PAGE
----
Popular spice brand MDH, under scrutiny for alleged contamination in some products, has since 2021 seen an average 14.5 per cent of its U.S. shipments rejected due to the presence of bacteria, a Reuters analysis of U.S. regulatory data found.

Hong Kong suspended sales last month of three spice blends made by MDH and one by another Indian company, Everest, for apparently containing high levels of a cancer-causing pesticide. Ethylene oxide is unfit for human consumption and a cancer risk with long exposure.

The companies have said their products are safe and MDH added it does not use ethylene oxide at any stage of storing, processing, or packing of spices. Authorities in the United States, Australia and India are looking into the matter. Both brands are popular in India and are exported around the world.

India is the world's biggest spice producer and is also the largest consumer and exporter of spices. Zion Market Research estimates India's domestic market was worth $10.44 billion in 2022, and the Spices Board said India exported products worth $4 billion during 2022-23.

Before the latest scrutiny, products from MDH, a family-run Indian company more than 100 years old, were rejected for sale in the United States due to the presence of salmonella, a bacteria that can lead to gastrointestinal illness.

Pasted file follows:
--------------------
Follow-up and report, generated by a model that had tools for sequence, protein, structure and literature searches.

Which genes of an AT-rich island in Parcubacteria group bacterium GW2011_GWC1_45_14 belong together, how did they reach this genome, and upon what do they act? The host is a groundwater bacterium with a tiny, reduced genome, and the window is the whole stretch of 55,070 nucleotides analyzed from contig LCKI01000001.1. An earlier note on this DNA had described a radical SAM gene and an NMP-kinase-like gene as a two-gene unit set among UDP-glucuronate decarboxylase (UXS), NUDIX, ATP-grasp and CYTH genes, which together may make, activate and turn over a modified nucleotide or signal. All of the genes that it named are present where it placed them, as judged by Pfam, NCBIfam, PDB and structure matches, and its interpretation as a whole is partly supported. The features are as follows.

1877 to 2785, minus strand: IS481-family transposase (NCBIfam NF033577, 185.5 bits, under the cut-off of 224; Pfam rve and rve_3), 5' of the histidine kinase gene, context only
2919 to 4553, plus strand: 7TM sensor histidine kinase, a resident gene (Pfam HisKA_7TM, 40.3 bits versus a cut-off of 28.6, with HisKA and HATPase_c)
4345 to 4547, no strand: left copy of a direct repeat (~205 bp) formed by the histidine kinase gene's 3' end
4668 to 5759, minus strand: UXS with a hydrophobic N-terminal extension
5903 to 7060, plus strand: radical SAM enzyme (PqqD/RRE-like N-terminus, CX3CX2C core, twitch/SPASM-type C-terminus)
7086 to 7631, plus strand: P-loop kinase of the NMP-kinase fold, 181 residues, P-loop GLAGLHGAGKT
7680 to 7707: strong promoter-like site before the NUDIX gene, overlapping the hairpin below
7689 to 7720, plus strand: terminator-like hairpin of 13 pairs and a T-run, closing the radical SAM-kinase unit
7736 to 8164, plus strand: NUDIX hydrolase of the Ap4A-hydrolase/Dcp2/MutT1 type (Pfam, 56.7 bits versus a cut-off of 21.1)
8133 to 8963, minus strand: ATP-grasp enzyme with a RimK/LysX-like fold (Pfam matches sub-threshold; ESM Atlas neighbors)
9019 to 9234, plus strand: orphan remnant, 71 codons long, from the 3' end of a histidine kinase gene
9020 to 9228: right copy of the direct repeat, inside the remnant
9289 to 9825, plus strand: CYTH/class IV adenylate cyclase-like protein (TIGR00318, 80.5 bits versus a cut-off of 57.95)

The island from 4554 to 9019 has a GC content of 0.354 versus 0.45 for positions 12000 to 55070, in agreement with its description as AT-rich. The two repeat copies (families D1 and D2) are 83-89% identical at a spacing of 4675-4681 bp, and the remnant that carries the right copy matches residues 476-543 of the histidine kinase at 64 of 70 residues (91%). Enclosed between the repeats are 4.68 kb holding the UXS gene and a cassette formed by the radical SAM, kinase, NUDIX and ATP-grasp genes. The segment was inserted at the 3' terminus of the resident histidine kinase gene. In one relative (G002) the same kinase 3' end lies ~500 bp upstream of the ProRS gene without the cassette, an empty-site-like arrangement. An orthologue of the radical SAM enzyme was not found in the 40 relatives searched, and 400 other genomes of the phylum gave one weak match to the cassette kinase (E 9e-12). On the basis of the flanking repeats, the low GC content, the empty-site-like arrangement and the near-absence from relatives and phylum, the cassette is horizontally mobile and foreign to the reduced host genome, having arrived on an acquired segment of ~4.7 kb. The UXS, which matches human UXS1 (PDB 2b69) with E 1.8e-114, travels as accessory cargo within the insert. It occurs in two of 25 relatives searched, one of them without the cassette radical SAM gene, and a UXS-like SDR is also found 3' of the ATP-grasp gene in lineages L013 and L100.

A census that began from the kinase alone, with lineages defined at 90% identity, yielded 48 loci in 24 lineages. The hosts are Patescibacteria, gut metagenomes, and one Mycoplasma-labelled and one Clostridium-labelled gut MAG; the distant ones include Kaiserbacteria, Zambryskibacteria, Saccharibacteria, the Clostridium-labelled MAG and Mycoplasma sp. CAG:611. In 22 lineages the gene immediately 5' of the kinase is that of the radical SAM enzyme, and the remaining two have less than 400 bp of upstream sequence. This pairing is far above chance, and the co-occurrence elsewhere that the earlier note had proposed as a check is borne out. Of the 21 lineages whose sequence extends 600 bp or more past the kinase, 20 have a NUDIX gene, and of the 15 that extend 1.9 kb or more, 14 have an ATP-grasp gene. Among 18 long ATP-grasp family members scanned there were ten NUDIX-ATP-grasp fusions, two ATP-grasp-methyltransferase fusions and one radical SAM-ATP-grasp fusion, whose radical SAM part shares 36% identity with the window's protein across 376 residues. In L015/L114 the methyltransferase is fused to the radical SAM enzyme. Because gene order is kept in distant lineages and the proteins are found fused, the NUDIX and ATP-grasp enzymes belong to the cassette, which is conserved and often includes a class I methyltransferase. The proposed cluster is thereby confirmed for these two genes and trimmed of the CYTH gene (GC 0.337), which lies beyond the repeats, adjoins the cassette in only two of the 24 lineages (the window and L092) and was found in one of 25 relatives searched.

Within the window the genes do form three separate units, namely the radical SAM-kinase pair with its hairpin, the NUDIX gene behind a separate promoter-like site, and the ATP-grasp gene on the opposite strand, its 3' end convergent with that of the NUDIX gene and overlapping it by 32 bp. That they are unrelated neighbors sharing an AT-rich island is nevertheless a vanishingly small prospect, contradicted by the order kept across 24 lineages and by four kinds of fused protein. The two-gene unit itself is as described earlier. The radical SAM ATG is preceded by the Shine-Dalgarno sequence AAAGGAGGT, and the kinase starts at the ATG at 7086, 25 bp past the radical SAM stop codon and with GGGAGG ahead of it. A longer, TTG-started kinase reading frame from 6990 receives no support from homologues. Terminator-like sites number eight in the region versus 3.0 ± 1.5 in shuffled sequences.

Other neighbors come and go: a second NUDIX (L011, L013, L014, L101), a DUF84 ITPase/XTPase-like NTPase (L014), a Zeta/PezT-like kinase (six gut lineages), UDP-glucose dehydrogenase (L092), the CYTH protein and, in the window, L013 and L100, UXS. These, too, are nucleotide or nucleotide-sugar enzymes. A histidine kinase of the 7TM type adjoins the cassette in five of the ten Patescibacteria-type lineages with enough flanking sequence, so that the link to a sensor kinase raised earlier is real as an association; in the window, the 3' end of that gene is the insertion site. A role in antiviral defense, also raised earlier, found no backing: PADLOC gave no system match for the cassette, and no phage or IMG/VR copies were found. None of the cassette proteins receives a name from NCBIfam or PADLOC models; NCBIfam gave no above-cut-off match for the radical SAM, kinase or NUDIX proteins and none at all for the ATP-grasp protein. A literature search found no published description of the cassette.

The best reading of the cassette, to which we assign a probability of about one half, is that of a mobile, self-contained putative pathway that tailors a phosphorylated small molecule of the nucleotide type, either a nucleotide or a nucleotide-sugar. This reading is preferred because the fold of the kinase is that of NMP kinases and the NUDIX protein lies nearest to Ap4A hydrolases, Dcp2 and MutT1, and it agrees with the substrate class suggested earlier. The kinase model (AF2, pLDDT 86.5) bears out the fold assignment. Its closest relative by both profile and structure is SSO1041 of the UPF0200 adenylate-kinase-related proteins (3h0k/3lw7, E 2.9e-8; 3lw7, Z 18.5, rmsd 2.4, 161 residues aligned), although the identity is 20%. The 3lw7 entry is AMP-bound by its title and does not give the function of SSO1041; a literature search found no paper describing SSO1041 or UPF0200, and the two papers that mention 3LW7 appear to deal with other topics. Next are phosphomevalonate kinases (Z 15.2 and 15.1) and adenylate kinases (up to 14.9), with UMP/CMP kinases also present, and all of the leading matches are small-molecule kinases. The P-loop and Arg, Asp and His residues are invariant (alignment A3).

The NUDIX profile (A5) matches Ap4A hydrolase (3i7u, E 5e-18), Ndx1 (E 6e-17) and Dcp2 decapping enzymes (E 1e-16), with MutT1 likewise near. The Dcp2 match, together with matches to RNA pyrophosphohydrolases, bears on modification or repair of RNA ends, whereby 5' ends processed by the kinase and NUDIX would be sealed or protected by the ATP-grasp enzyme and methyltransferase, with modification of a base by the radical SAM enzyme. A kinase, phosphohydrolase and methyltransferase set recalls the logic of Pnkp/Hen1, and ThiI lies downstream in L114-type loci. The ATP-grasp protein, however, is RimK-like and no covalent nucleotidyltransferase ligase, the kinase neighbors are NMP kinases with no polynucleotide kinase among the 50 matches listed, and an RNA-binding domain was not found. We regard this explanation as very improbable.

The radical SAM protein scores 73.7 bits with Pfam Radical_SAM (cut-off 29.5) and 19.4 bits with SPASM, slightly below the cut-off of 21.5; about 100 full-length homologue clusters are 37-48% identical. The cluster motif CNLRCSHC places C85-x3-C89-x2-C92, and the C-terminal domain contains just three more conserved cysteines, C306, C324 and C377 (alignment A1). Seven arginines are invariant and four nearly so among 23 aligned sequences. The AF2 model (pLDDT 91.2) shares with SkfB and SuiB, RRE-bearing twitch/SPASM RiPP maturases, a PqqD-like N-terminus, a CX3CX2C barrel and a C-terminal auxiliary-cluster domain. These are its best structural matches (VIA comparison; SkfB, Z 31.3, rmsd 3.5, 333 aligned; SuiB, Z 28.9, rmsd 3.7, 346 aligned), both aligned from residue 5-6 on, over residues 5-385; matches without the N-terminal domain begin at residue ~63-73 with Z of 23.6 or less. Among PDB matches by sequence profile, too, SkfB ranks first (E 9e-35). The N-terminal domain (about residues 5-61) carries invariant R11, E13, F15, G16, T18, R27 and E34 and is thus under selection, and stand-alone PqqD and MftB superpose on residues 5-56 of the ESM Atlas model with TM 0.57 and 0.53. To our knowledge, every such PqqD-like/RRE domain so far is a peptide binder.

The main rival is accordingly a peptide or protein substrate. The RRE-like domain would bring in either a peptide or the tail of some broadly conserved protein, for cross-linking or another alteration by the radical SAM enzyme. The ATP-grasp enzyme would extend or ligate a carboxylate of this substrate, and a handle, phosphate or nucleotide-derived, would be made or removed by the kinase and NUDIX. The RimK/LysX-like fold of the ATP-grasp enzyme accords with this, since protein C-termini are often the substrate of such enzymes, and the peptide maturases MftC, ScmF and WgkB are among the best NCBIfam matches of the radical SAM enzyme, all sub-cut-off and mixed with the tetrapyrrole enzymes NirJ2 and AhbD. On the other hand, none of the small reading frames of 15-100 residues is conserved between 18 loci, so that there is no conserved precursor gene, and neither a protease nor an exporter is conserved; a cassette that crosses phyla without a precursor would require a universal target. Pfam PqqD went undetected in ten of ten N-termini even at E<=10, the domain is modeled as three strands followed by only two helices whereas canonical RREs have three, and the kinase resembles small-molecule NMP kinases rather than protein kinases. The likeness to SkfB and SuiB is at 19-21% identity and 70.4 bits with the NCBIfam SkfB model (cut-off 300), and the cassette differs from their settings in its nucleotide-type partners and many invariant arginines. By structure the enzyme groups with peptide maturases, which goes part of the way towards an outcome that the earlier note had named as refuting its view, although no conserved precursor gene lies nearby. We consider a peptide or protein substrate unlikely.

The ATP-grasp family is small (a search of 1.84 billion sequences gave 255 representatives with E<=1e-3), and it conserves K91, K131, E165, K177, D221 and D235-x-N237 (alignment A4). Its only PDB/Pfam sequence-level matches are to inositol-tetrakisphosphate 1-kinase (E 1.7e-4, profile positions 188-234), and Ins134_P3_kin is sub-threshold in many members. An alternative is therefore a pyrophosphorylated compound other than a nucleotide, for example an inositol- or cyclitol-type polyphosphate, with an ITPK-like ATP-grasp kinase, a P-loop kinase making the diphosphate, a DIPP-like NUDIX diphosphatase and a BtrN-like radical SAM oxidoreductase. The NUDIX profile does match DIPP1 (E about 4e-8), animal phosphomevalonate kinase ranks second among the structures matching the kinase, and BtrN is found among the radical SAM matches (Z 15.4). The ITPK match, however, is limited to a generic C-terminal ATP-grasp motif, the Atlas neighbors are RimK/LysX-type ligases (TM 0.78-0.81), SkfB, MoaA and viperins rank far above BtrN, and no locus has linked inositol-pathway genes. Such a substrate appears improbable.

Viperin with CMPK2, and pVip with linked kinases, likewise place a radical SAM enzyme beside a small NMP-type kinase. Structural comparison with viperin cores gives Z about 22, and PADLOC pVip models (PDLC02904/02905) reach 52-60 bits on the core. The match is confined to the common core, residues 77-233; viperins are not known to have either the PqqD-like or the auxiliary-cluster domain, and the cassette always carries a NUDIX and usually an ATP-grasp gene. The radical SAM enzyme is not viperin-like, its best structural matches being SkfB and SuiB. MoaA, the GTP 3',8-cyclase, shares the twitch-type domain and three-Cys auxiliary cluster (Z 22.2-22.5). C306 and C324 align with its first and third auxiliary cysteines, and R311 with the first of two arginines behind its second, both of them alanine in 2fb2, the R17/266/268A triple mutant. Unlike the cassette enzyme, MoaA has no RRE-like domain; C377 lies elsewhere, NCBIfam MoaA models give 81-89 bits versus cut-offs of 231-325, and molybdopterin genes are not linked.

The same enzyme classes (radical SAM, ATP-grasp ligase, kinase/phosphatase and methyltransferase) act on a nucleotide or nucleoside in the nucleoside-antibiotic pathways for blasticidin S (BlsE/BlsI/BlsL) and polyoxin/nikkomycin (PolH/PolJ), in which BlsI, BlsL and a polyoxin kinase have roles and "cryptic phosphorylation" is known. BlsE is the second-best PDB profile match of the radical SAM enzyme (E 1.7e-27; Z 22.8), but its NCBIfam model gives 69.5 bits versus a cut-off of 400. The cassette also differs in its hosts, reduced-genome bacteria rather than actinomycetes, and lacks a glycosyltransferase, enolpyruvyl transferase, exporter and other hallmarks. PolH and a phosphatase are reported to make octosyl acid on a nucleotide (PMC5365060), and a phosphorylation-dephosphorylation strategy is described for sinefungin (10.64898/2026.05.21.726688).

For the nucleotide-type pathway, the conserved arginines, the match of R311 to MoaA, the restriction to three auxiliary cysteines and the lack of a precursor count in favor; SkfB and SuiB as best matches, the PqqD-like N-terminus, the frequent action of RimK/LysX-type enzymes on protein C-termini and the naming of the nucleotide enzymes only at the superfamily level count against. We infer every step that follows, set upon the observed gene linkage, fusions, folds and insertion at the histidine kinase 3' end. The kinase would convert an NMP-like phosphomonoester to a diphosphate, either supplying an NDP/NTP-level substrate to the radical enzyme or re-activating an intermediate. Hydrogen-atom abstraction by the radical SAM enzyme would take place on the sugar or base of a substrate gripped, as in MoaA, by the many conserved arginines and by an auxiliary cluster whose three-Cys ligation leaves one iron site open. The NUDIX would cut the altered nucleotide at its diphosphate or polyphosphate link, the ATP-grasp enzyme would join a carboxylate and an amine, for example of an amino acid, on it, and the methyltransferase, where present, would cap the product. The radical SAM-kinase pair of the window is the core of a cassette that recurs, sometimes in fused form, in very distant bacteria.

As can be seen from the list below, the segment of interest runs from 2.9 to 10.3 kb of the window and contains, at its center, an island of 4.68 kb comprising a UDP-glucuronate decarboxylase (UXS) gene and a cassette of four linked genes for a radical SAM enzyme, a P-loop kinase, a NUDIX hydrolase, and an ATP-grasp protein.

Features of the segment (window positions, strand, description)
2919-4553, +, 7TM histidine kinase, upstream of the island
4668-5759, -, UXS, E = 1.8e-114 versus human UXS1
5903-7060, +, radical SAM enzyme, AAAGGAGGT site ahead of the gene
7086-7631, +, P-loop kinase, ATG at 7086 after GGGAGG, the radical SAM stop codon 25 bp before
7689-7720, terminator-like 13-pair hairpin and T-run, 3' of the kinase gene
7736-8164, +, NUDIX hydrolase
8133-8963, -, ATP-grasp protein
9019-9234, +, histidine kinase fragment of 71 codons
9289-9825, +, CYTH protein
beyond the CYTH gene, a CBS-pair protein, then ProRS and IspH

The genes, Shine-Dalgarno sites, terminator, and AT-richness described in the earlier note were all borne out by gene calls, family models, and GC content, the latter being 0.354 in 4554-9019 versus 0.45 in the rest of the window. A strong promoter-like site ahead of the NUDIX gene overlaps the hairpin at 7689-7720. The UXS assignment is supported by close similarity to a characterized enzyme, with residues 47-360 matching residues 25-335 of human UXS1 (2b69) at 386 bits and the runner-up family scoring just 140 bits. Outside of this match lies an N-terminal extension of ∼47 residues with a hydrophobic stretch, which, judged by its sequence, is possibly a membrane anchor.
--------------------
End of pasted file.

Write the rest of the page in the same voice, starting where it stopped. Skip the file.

Around 20 per cent, or 13 of MDH's 65 shipments to the United States were rejected after it failed checks for salmonella between October 2023 - when the current fiscal year started - and May 3, according to the latest available data compiled by Reuters from the U.S. Food and Drug Administration (FDA).

The FDA did not state what quantity was contained in each shipment but the 13 shipments rejected included mixed spices and seasonings, as well as fenugreek, according to the data.

In fiscal 2022-23, about 15 per cent of 119 MDH shipments were rejected mostly for salmonella contamination, while the rejections stood at 8.19 per cent during 2021-22, the data showed.

Everest has had fewer rejections in the United States with just one of 450 shipments in the ongoing 2023-24 year having been rejected so far for salmonella.

Around 3.7 per cent of Everest's U.S. shipments were halted in 2022-23 and there were no rejections in the 189 shipments to the U.S. the year before, the data showed.

In response to queries on the FDA data, an MDH spokesperson said its products are safe. Everest said it had an 'exceptional' rejection rate of its U.S. shipments of less than 1 per cent in fiscal 2023-2024, adding that their products are safe.

The U.S. FDA and the Spices Board did not respond to requests for comment. The Board has been inspecting MDH and Everest facilities for compliance with quality standards, but the results have not yet been made public.

For decades, MDH and Everest have been among the biggest spice makers in India, making products widely used in home kitchens and restaurants for flavouring curries and many dishes.

In 2019, a few batches of MDH's spice mix were taken off the shelves in the U.S. for salmonella contamination and in 2023, the FDA recalled a few of Everest's products over similar findings and issued a public health alert.